Monday, June 27, 2011

Parents question mass exodus of beloved teachers

This is what happens when effective teachers leave the classroom in numbers: Parents attentive to the needs of their children step up and start asking questions.

It isn't clear why almost a dozen teachers at St. Johns High School on Johns Island have vacated their positions, all at once, and the district office is making every effort to say it isn't being "initiated by the district." But the superintendent does make clear to the Charleston Post & Courier that she "want[s] the new principal to lead change. That school is at risk, and ... I'm not comfortable with the status quo."

A public meeting is scheduled at 6 p.m. Wednesday at the high school, 1518 Main Road, to give parents a chance to air their concerns.

Take a look at the Post & Courier's notice of the matter:

The 10 St. John's High employees who will not be there during the upcoming school year are: two math teachers, one of whom was the department head; the social studies department head; a science teacher; a Spanish teacher; a special education teacher; a literacy specialist; a JROTC instructor; a coach; and a part-time band teacher.

Brenda Nelson, the district's director of community outreach, had explanations for virtually every position, such as retirement, transferring to another school closer to an employee's home, and elimination of a position because of lack of funding. The two assistant principals had to reapply for their jobs because of the school's receipt of a federal School Improvement Grant, and the guidance counselor had to reapply because that was an interim appointment, she said.

District 9 (Johns Island) Constituent School Board Chairwoman Andrea Murray said some of the staff members who are leaving are responsible for leading the improvement the school has seen in its exit exam scores. She expects scores to improve again this year, and she's worried that the departure of so many staff, especially some who were well-respected in the community, will hurt the school. Parents and residents are rattled, she said.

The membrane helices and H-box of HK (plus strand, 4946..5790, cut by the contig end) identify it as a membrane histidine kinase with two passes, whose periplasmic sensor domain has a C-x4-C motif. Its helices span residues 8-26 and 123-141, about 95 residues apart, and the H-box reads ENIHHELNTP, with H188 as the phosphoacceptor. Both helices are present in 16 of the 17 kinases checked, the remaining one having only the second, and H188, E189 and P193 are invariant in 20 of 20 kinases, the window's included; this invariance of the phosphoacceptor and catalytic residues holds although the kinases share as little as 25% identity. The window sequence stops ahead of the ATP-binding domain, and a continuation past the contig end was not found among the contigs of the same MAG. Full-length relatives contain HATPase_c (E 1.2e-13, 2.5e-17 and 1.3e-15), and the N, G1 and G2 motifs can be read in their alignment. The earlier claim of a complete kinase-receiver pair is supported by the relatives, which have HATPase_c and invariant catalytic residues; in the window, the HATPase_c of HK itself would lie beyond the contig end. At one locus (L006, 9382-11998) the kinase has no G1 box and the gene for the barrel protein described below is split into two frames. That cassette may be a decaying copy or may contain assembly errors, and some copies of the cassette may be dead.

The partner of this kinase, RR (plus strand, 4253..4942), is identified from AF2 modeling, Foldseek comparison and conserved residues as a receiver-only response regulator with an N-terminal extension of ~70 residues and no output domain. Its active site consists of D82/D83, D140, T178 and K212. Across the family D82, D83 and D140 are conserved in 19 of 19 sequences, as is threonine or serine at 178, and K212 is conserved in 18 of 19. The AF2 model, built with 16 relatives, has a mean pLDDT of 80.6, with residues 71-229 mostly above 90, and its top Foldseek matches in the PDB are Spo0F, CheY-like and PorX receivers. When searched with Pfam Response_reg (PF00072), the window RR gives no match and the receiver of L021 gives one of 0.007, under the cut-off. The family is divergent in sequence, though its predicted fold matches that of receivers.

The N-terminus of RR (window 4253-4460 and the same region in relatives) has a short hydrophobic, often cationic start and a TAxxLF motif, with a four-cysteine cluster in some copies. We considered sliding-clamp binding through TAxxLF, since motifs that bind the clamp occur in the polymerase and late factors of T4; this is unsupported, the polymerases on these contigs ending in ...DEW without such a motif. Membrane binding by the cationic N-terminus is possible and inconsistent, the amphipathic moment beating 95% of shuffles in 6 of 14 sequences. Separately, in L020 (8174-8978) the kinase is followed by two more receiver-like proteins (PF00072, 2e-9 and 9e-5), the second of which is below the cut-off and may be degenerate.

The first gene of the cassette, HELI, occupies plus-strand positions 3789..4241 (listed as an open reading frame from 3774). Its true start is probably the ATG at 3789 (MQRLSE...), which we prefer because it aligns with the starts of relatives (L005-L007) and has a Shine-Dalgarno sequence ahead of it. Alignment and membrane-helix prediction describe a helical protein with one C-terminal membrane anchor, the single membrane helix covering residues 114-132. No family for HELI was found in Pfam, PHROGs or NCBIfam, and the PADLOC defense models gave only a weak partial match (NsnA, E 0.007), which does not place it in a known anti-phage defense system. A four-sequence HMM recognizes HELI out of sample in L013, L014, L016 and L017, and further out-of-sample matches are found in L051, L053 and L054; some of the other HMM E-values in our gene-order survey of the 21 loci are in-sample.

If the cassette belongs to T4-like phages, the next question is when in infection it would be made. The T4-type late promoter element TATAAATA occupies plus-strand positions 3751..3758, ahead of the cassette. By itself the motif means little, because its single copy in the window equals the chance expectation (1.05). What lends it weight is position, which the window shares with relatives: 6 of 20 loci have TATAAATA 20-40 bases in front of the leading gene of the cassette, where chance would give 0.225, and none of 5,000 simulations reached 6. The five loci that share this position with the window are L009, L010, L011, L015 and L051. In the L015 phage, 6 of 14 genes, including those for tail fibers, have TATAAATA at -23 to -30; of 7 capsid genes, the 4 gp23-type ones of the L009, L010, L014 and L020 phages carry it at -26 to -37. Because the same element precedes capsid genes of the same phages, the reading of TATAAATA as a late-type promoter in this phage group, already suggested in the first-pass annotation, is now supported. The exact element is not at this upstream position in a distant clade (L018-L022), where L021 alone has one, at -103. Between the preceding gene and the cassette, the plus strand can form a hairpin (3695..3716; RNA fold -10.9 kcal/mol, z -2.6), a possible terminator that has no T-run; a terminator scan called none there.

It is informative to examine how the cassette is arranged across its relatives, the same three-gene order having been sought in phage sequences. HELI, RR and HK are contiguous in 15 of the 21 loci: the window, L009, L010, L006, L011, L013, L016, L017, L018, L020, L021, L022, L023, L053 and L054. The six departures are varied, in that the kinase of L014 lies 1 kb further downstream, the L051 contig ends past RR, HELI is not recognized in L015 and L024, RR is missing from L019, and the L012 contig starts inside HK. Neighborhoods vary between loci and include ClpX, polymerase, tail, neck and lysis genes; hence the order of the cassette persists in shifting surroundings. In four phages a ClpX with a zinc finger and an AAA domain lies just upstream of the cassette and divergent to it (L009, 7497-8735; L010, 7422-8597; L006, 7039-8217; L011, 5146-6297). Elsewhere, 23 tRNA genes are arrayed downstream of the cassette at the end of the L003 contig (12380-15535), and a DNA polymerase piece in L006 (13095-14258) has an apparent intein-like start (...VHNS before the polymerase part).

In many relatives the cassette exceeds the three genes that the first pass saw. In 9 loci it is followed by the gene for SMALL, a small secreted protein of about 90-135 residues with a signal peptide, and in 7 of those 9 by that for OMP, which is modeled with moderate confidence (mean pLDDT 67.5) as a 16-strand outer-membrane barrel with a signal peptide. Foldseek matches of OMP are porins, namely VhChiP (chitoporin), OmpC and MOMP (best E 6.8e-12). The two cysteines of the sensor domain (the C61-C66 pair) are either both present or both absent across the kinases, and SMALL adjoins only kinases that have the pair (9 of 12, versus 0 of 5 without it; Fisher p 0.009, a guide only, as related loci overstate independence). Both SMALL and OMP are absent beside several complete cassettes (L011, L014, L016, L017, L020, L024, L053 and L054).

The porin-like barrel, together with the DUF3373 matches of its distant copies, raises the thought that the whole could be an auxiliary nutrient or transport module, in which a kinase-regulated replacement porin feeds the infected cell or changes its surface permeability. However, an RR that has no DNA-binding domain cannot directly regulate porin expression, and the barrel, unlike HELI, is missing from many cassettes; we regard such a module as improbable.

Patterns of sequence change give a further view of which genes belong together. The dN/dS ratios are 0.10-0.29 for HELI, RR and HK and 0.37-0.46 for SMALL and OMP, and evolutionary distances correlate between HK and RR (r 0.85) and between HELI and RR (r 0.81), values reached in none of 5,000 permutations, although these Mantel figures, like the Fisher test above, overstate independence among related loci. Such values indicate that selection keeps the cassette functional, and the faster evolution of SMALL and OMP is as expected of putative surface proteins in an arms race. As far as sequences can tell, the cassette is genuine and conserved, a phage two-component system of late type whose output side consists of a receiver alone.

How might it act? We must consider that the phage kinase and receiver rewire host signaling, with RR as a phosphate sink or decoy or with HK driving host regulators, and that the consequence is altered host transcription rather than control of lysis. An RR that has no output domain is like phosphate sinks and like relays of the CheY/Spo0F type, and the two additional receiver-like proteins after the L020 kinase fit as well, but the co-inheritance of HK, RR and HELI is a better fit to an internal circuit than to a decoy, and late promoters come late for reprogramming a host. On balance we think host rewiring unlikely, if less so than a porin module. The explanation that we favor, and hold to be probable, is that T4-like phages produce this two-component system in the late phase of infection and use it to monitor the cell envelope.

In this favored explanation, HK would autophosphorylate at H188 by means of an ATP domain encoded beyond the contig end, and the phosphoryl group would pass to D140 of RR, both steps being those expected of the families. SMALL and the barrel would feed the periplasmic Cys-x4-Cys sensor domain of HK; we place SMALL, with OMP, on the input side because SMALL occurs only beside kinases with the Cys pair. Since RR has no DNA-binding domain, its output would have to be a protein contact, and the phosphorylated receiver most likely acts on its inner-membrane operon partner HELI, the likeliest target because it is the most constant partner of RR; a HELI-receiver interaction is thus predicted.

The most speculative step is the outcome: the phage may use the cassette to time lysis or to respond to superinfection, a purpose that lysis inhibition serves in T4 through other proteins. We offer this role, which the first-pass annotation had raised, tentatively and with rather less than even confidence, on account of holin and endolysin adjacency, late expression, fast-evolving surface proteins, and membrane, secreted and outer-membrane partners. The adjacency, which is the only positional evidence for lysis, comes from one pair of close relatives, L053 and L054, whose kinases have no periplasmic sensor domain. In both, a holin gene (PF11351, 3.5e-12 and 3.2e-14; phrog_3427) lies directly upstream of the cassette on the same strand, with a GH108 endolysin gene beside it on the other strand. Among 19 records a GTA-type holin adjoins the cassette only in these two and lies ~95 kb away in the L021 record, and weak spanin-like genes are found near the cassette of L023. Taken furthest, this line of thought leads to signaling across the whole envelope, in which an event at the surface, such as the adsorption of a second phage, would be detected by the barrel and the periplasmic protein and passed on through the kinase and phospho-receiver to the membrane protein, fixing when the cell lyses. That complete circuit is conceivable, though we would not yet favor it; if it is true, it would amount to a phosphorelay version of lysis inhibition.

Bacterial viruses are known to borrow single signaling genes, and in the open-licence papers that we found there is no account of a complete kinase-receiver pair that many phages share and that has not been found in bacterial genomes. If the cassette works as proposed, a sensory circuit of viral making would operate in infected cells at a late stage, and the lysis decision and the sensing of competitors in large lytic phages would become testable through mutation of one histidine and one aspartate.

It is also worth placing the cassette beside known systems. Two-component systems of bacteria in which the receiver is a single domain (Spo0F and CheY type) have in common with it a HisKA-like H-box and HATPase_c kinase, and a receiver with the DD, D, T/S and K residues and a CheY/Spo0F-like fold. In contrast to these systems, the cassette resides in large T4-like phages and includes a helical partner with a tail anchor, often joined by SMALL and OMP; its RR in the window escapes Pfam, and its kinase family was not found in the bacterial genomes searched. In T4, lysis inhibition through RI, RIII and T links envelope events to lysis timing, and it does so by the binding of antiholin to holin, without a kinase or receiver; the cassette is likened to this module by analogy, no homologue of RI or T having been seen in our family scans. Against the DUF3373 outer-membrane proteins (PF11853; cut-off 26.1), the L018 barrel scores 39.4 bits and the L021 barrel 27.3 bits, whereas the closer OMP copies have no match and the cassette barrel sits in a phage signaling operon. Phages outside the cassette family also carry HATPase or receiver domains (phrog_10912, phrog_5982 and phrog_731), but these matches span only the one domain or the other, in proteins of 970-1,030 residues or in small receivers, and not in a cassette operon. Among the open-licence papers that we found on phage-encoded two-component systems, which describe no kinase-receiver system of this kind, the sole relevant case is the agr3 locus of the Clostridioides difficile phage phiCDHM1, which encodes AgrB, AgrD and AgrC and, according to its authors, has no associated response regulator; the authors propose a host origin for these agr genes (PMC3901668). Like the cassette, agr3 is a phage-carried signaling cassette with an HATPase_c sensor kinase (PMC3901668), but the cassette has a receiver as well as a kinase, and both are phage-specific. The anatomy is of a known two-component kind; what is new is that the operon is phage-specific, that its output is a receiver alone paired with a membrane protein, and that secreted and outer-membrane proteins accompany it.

"I'm not clear on why there is such turnover," she said. "We had great teachers and now we won't have them and nobody is telling us what happened. We want to know why they're leaving. We are the voice of the community, and they are very much concerned about the direction of the school."

McGinley said the district has an obligation to respond if the community has questions. She's pleased with the changes the school's new principal, William Runyon, is making, and she's optimistic about its future.

The old saying goes, Where there's smoke, there's fire.

Maybe there's nothing sinister behind this sudden wave of departures by experienced, effective instructors and instructional leaders. But everyone knows from their own life experience that professionals who are satisfied in their workplace tend to stay where they are, even past retirement eligibility, and even when they have to drive further to get to work.

There have been enough other examples of townsfolk being resettled, willingly or unwillingly, when a new sheriff comes to town, that this incident on Johns Island bears closer scrutiny.

If you have children there, be sure to attend the meeting on Wednesday and ask -- loudly, clearly and until a straight answer is delivered: What is being done to keep experienced, effective professionals in their classrooms and at their posts to meet the needs of the district's schoolchildren? And what changes are being made for the sake of change that might drive such professionals out of their careers, or away from this school?

Just for good measure, it might be a good idea for parents on Johns Island to take the initiative to draft, circulate, collect and tabulate the results of a morale survey at Johns Island High School and other schools in the district. If things are great at the high school and elsewhere, administrators should welcome the opportunity to have an anonymous, objective and scientific process prove it.

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